Rep. Dutch Ruppersberger (D)
Maryland 2nd District
The spokes of Baltimore’s avenues spread out in all directions from the downtown district on the Inner Harbor, connecting the central city with the suburbs, where most residents of metropolitan Baltimore now live. The streets reach east to Dundalk and Essex, industrial suburbs where the tone of life was set for years by the giant Sparrows Point steel mill, long the biggest in the country. Northeastward, they extend to Havre de Grace and the oldest lighthouse in continuous use on the East Coast, as well as modest working-class suburbs in Harford County. The Aberdeen Proving Ground has generated both military and civilian job growth, but the locale is now better known for its Ripken Stadium, home of the Aberdeen Iron Birds, a Class A baseball team owned by hometown hero Cal Ripken, the Iron Man who set a baseball record by playing in 2,632 consecutive games for the Baltimore Orioles. In an arc north of downtown are middle-income towns from Randallstown to White Marsh. A couple of miles northwest of the county seat of Towson is Timonium, the site of the annual Maryland State Fair.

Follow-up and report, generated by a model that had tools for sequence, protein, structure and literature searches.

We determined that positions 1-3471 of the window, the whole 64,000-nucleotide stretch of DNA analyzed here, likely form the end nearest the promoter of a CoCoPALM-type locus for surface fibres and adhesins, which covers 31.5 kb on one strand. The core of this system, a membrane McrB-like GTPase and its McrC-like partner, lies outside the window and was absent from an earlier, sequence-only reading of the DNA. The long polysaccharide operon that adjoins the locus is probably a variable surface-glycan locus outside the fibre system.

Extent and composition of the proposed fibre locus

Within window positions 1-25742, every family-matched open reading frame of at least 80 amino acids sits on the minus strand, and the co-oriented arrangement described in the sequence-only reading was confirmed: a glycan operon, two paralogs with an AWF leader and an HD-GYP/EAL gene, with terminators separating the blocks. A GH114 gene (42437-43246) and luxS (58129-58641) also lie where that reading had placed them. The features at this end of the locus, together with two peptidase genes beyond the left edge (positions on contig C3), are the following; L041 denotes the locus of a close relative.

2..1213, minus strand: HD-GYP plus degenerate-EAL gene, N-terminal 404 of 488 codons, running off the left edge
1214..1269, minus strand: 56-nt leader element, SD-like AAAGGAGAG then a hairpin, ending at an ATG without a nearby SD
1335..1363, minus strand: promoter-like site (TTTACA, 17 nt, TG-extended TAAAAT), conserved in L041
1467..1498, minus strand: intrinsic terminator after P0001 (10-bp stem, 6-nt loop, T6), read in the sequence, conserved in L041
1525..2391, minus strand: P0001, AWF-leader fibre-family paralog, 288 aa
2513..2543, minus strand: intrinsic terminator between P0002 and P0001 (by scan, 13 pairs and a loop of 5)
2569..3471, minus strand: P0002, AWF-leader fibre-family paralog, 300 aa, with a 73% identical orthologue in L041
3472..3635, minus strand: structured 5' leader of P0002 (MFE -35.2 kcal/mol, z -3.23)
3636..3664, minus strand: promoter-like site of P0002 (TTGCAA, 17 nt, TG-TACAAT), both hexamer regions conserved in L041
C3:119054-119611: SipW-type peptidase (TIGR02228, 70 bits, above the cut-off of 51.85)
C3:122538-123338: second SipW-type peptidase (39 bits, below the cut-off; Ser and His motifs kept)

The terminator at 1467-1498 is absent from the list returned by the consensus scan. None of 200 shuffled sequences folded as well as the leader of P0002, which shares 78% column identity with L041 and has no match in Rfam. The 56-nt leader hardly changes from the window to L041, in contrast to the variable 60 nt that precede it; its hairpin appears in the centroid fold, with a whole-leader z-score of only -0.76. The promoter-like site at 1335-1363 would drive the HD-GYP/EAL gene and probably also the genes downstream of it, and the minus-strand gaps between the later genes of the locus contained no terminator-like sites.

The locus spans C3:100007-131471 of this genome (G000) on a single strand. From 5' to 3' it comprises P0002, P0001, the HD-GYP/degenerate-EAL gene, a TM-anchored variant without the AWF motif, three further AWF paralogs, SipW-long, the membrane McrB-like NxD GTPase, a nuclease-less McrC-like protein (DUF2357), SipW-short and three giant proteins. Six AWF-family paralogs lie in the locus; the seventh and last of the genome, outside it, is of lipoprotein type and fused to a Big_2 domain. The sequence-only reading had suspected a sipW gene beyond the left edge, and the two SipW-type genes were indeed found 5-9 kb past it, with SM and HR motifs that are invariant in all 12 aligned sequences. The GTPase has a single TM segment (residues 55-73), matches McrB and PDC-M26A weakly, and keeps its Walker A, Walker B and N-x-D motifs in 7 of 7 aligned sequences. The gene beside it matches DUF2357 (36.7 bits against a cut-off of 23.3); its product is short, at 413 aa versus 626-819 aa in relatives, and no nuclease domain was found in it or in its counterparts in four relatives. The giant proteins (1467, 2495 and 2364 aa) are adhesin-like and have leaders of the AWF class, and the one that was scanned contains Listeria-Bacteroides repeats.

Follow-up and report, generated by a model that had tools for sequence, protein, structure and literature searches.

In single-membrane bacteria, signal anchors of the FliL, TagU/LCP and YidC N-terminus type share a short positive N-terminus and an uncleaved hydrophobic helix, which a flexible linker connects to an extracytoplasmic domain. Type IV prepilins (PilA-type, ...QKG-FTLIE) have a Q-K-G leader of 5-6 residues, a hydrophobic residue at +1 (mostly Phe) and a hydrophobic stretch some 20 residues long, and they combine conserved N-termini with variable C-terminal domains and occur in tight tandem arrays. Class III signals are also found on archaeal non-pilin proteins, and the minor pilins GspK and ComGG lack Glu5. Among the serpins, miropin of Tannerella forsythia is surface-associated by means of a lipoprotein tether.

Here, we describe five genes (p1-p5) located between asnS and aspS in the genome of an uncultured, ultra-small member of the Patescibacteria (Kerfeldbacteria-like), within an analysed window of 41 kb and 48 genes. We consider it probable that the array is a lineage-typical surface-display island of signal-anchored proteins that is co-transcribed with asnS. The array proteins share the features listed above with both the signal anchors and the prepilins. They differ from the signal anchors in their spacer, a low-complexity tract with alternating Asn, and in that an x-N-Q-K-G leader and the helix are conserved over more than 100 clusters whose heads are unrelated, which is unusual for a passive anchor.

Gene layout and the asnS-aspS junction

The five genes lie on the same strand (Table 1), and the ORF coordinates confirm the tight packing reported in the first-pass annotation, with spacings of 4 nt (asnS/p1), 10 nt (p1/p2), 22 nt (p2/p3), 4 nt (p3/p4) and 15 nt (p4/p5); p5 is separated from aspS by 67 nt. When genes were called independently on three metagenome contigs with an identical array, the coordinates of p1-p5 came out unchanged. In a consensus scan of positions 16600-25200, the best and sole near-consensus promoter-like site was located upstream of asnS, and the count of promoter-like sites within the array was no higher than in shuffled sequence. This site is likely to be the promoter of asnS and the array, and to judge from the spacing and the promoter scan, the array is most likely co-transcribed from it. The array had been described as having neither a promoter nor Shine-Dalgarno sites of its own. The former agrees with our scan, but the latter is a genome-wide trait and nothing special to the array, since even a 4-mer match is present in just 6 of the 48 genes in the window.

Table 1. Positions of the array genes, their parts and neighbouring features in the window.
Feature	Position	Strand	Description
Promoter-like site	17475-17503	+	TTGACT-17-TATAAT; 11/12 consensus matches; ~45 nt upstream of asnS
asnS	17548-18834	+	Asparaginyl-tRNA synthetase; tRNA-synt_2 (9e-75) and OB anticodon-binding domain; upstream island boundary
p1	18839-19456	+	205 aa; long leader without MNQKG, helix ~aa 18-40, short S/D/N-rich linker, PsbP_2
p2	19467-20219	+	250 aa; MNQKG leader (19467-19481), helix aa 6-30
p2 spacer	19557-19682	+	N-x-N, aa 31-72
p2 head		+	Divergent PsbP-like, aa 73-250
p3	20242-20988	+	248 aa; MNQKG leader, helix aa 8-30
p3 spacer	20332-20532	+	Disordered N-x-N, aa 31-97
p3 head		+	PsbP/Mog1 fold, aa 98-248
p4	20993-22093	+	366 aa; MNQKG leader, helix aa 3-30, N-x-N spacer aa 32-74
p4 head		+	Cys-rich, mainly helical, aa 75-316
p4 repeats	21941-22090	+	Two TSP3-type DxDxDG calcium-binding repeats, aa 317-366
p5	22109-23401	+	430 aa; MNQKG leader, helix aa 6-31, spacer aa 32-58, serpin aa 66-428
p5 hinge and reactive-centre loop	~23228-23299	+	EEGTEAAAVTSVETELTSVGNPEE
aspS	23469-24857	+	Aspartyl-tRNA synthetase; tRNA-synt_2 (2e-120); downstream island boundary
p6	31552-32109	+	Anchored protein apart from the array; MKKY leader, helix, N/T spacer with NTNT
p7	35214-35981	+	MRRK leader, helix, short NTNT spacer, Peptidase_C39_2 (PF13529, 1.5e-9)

2008 Presidential Vote
|Cook Partisan Voting Index|